Growing up, I remember an episode of Full House that crossed over with Family Matters. At the age of 8, my mind was blown at seeing Urkel interact with the Tanner family, dancing with Uncle Jesse. Seeing a character displaced into an unfamiliar setting was fascinating. At the time, I thought it would certainly be the most unexpected and delightful crossover I would ever experience. Then, I stumbled into the world of comics where the unthinkable often happened, for better or for worse.
Comics where characters published by one company meet those published by another company have always had a special appeal. In the first major inter-company superhero crossover DC’s Superman met Marvel’s Spider-Man. Since that landmark 1976 event, from time to time, comic readers have witnessed unbelievable meetings on the printed page.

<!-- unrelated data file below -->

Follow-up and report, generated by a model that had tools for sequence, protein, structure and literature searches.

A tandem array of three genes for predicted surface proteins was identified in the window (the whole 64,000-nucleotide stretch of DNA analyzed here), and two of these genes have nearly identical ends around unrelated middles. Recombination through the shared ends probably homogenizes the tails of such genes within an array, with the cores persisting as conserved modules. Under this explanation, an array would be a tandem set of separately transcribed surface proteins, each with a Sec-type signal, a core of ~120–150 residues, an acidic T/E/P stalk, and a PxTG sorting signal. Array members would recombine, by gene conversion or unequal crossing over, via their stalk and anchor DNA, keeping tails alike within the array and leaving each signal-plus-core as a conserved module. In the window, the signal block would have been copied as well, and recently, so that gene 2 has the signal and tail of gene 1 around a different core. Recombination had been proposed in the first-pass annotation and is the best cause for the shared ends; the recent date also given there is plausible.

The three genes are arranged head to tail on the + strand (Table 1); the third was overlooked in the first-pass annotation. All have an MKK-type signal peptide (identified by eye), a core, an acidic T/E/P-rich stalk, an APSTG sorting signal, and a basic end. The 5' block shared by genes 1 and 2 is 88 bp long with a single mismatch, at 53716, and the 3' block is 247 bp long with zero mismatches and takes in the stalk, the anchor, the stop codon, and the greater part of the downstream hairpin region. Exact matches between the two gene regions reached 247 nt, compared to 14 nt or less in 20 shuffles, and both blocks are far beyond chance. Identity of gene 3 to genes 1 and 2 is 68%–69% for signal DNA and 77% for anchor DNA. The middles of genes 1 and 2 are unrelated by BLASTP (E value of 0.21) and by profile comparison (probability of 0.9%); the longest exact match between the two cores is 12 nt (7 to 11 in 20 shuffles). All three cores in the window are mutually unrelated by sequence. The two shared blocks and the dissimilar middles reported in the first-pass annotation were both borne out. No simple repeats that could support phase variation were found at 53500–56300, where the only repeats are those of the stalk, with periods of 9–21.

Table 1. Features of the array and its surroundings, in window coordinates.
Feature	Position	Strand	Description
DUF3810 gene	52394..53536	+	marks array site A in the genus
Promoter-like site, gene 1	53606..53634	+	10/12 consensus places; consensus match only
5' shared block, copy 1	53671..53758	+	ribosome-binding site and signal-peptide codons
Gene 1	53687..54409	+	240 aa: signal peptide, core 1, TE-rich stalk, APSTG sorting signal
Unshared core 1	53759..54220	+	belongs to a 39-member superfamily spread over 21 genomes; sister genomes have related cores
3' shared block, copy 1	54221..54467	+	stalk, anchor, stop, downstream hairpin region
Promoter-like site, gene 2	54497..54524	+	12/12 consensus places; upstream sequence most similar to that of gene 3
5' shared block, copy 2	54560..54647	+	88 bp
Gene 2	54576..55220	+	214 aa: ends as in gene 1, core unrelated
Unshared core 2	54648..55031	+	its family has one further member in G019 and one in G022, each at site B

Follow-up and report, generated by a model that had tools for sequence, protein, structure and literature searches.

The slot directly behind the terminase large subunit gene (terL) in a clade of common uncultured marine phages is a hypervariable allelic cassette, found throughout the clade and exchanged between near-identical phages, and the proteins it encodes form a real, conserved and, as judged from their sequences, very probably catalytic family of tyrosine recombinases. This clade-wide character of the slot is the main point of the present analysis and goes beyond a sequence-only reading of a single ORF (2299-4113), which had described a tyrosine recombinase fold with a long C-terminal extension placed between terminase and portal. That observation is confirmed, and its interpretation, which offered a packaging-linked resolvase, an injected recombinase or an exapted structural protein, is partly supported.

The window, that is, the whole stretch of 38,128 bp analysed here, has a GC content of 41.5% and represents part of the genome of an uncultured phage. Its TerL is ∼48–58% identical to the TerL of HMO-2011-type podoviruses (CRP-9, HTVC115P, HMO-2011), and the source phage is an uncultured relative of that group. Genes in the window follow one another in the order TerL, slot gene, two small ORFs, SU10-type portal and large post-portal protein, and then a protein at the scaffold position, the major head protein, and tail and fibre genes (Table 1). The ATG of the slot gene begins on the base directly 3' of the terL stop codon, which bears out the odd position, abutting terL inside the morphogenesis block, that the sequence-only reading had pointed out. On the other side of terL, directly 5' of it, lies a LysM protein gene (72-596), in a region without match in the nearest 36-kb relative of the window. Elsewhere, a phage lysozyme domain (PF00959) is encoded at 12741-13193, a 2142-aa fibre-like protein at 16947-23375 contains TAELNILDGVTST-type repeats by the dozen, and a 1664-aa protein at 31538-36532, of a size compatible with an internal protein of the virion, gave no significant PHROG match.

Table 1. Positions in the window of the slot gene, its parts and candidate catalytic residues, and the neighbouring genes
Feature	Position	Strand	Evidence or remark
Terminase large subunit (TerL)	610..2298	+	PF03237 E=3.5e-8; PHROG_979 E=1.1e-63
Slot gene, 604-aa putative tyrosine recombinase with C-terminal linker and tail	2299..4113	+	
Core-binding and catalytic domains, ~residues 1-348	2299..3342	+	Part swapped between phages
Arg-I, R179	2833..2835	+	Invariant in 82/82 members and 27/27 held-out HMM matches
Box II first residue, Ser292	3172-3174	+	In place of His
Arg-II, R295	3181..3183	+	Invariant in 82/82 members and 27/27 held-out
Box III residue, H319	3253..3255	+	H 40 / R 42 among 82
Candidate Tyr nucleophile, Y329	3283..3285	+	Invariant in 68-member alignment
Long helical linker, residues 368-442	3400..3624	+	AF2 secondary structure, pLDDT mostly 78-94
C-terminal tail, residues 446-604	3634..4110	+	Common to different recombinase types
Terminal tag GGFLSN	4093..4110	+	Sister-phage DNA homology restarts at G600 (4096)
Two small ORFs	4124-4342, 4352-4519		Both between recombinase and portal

The X-Men met Kirk and Spock. The Savage Dragon fought crime with the Teenage Mutant Ninja Turtles. Batman brawled with a Predator. Seeing characters in unfamiliar settings, interacting with other characters they should never meet, remains a captivating storytelling device today.
It’s fitting that the best crossover in the history of the comic medium is also the most absurd. In 1994, two contrasting universes merged for a single, unforgettable experience when the Punisher occupied Riverdale in a 48-page, ad-free issue. Archie Meets The Punisher is surely the strangest crossover event in all of media, yet it excels in every aspect.